Project 1.

Participant Name: Ignasi Reichardt

Project description: Identification of possible counterparts for transient gamma-ray sources

Several times per week, X-ray and gamma-ray satellites like Swift or Fermi alert a number of facilities interested in transient sources. Most often, the source happens to be a GRBs, but can also be due to galactic transients or AGN outbursts, for instance. When possible, such alerts are followed by ground based gamma-ray (Cherenkov) telescopes. In any case, the angular resolution of high-energy facilities is poor compared to that of X-ray, optical, etc. and the nature of the flaring object often remains unkonwn. In this project I suggest to:

  1. Select non-GRB burst alerts from GCN (for instance). If it existed an integrated tool inside VO it would be very nice, but I don't know it.
  2. Look for known sources in other wavelengths inside the 68% confidence contour of the gamma-ray source with the following filters:
    • Redshift lower than 0.5 OR
    • Galactic latitude lower than 9║ in case redshift is unknown
  3. Check broad band spectral energy distributions of selected sources. Reject those with no hint of a non-thermal component.
  4. Check light curves of remaining sources. Reject those with no hint of variability.
  5. Produce a list of "Targets of Opotunity" for Cherenkov telescopes.


Project 2.

Participant Name : Nicolas Laporte

Project description : Search for high redshift galaxies (z>6)

During the last decade considerable advances have been made in the exploration of the early Universe, from the discovery and detailed studies of redshift z=4 galaxies, to galaxies at z>6, close to what is believed to be the end of reionization epoch of the Universe . But the instrumental constraints to perform this research are very strong, for example we must work with pictures at very large depth (25 mag in H band) and in several bands. It's why the numbers of multi-wavelength surveys with these properties is very weak. The VO can help to group all data with good depth and to increase the numbers of interesting surveys. The project that I suggest is the following :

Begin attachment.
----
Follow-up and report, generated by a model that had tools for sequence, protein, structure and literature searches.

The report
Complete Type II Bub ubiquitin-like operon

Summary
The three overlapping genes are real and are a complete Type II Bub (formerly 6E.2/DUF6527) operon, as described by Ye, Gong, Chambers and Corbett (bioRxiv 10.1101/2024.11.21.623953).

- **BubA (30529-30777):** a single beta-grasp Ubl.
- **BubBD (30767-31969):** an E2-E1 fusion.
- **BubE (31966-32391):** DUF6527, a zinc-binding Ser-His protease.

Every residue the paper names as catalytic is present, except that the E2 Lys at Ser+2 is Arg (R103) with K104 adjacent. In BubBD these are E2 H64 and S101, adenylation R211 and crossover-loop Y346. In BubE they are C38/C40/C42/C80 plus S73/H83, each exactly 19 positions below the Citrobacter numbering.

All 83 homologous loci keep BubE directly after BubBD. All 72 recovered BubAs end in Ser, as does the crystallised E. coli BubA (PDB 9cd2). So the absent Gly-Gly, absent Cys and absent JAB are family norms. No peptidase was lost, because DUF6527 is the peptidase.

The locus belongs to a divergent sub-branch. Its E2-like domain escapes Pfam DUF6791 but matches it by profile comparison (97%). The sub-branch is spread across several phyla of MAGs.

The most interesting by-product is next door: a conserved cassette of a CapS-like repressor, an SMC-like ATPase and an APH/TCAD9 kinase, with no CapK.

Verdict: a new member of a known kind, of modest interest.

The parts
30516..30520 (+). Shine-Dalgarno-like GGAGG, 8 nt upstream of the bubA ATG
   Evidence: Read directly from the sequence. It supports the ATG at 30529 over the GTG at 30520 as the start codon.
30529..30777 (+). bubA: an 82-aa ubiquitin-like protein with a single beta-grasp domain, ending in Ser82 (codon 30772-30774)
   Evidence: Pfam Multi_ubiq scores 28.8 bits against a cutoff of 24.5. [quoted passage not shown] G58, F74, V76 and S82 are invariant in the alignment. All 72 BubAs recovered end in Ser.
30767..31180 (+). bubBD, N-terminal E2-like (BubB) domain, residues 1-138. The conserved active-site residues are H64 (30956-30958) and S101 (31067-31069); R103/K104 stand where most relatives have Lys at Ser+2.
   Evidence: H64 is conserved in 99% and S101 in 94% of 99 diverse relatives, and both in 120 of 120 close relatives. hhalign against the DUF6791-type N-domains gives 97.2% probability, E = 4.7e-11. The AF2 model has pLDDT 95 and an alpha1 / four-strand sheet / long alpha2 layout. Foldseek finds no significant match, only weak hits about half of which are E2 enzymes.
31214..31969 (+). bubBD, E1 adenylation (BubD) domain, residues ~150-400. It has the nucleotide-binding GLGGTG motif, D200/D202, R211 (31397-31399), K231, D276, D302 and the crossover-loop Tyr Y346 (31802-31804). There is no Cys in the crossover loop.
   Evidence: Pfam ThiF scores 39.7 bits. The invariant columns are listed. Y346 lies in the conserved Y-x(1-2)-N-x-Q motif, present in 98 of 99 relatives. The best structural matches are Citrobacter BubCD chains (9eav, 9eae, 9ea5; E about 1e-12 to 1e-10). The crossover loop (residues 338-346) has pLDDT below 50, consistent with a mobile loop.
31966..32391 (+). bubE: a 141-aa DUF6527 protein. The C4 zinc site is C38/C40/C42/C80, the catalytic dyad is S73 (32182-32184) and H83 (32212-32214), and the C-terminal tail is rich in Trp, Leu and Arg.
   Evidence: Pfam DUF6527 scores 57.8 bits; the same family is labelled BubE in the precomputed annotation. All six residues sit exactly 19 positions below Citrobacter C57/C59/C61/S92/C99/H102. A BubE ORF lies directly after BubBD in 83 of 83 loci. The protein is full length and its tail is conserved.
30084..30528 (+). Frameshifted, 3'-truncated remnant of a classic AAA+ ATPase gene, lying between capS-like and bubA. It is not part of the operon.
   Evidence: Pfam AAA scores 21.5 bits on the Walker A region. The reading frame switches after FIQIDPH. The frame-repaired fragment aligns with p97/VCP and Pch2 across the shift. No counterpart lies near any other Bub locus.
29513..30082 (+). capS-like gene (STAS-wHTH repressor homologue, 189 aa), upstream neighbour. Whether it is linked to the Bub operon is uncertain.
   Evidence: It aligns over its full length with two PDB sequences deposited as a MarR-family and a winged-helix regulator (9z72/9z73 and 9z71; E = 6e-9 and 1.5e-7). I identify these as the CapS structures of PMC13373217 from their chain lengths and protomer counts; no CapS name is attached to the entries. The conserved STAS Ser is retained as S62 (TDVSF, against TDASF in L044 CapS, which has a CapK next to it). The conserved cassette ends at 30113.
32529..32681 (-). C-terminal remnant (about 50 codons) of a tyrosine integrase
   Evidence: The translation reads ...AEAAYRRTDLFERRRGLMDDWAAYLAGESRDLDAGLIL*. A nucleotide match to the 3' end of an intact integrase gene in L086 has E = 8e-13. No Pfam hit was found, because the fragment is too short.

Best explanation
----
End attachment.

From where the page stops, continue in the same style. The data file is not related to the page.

• create a catalog of objects from pictures in several bands (particularly in bands Y,J, H and K with a large depth ).
  • find objects which are detected at large wavelengths and not detected in visible. (Objects must be detected in more than one filters to conclude).
  • apply to these objects a color-color selection (diagrams JHK, YJH, IzY ,...)
  • determine the photometric redshift with a SED fitting method.


Project 3.

Participant Name: Tiina Liimets

Project description: Measuring the expansion of the nova remnant GK Per in real-time

GK Per (aka Nova Persei 1901) was discovered in 1901 when a rare bright classical nova explosion occurred. Soon after the nova outburst superluminal light echoes where observed, which was the first time ever astronomers witnessed this geometrical illusion. 15 years later the actual nebular shell around Nova Persei finally became visible. This expanding nova remnant has turned out to be the longest living and most energetic among classical novae and appears more like a supernova remnant in miniature but evolving on human time-scales. The remnant is expanding 1" per year which means it is detectable with data obtained with a separation of just a couple of years.

1. Search imaging data of GK Per (RA=03 31 11.82 DEC=+43 54 16.8) from different dates and telescopes with following constraints:

  • observations done in narrow band filters Halpha or [N II] ,